Start Up Costs: A haul out and survey can dispel much of the mystery associated with running costs. A survey can cover the engine or the entire boat. Surveys can be done either on the hard, in the water, or both. The out of the water survey takes into account the condition of rudders, skeg, keel and hull. A typical price is approximately $10/ft. An in the water survey is around $8 per foot. Some insurance companies require only an in the water survey while others mandate an out of the water survey, so check with your underwriter before hand.
Most yards have quick survey haul-outs that leave the boat in the travel lift slings, a cheaper alternative to blocking the boat up on stands. $4 per foot to haul, block the boat and put the boat back into the water is a representative rate for boats under 50 feet. For boats over 50 feet, the rate may increase to $6 per foot. However, if the survey indicates hull repairs are needed, there is the question of what to do next as well as who will pay. Some yards allow do-it-yourselfers, while others haul only on the basis that they do the work. A lay day can cost $25 per day and labor can run $55 an hour.
The potential buyer has another dilemma to face: whether to try to wrangle repair figures into a reduced final price of the boat versus a sold as-is, non-flexing price. Depending on the costs and the seller's demeanor, there is always the third choice of rejecting the boat. Having both clear negotiations with the seller and familiarity with the yard's policies are crucial. Repairs should be stated in writing with estimates and contact information included in case the work exceeds those figures. Little is worse than watching the sailing season slip by due to a protracted argument over yard bills.
Saying the survey goes well, or that a price is agreed on for repairs, the buyer still faces state taxes which can range from zero on up to checkbook munching proportions. 10% tax on $100,000 is $10,000, a figure likely to cause the most enthusiastic new boat owner to wince. There are additional licensing and title fees at the Department of Motor Vehicles as well. The vessel isn't eligible for current registration stickers without paying state taxes and marine police have a knack for spotting the expired versions. Having the boat U.S. Coast Guard Documented, a requirement for many insurance policies, will set you back anywhere between $500-800, and a new documentation on an old boat could soar over $1,000. Changing the name of a boat, a popular desire for new boat owners, can further complicate the now receipt-strewn paper trail.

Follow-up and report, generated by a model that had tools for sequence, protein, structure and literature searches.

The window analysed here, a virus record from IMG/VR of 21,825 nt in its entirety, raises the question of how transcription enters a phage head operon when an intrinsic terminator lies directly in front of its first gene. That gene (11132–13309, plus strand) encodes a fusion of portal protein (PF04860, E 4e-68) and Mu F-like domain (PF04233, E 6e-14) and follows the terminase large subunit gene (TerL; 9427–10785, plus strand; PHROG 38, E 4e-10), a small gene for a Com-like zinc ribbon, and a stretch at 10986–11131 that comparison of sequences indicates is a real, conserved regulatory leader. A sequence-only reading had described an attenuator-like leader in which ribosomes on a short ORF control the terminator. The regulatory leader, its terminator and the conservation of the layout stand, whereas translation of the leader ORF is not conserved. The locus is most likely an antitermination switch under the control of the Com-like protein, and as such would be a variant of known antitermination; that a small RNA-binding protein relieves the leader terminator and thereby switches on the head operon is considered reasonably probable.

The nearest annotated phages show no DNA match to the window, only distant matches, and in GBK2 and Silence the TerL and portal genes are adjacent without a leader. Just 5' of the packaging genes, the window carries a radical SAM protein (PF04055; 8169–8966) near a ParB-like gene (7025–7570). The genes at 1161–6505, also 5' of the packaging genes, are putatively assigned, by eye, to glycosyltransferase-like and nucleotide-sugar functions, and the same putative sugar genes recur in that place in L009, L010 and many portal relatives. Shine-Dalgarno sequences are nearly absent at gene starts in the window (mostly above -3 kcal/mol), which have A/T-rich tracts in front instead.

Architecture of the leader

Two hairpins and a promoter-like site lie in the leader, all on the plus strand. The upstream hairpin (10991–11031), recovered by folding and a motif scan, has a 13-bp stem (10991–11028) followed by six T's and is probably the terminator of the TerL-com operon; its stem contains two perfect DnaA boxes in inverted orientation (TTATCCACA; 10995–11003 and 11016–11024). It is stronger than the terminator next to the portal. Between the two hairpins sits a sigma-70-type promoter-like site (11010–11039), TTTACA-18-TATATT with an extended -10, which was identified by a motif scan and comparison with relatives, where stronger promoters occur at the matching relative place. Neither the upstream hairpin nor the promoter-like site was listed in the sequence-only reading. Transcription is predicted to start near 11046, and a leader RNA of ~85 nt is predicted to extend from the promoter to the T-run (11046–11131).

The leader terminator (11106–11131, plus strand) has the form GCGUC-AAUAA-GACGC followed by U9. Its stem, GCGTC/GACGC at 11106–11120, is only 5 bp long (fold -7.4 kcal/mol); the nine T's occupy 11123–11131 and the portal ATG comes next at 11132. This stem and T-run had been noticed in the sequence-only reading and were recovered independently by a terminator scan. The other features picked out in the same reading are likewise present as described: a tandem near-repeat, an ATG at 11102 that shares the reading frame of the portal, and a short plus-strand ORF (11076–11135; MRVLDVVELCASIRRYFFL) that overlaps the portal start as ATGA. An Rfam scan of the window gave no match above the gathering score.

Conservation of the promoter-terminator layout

Finance programs usually involve both a down payment and monthly payments. There may be application fees and finance points to contend with as well. Loan interest rates fluctuate daily and re-payment plans can span anywhere between 5 and 20 years. A financed boat will be an insured boat, with many finance plans requiring proof of the first year's insurance. So add insurance, which typically runs between 1-1Ĺ% of the boat's value to the checklist. If considering extended voyaging, check the fine print in the policy as to where on the globe the insurance policy stops.
Running Costs: Once the deal is done, then there is the question of dockage. Whether downtown or off the beaten path, where you keep the boat has a lot to do with how much the price will be. Your intention to live aboard will also influence the cost. Some marinas have a flat rate for electricity, while others meter it. An $8.80 per foot plus electricity charge can jump to $12.00 per foot for liveaboard status, with additional increases if the boat takes a 50-amp plug. Signing a year lease may be an attractive option, depending on where you'll keep the boat. Throughout the East Coast the annual migration of southbound boats causes prices to inflate with the season. Of course there's always the chance of finding a marina where a $100 a month will cover a 44' boat and include a swimming pool. On the other end of the spectrum $3000 might get you a mooring in some premium watering holes. Location is everything.
With these done you'll be able to find a diver at anywhere between $1.25-1.75 per foot to change your zincs and keep your bottom free of growth. Hopefully he'll be gentle with the scraper: a gallon of good anti-fouling paint costs upwards of $100, with four gallons being a good estimate for a 40' boat. You're now ready to hit the fuel dock for a tank full of diesel. Don't forget to take a look in the fuel tanks as water, contaminants, sediments, and bacteria can all do damage to precision engine parts. If the fuel is contaminated you or some one you employ is in for a messy job.
The maintenance and replacement factor should not be underestimated. New sails breathe life like nothing else into an ailing sail plan, but can rack up substantial economic damage at the sail loft. Likewise, upgrades in electronics and navigation equipment take their toll. There are other wear and tear items of cushions and canvas dodgers that periodically need to be replaced. Finally, on the water experience will eventually include higher profile calamities like anchors that go over the side never to return, exploding spinnakers, lines fouling the prop, and diesel engines that give up the ghost.
No one said sailing was free, though from time to time the wind gives the illusion it is. With your start up costs addressed in your initial idea of which boat is for you, you'll have a better idea of what boat to get and how much it will likely cost. As you motor out for the first time, may the wind be favorable and the sun shining, as by now, you've paid for it.
Use these worksheets to tally anticipated start up and running costs when purchasing a boat, and to get an idea of the many destinations your money is bound for before you can head out to yours.
One Time Costs
Running Costs Worksheet
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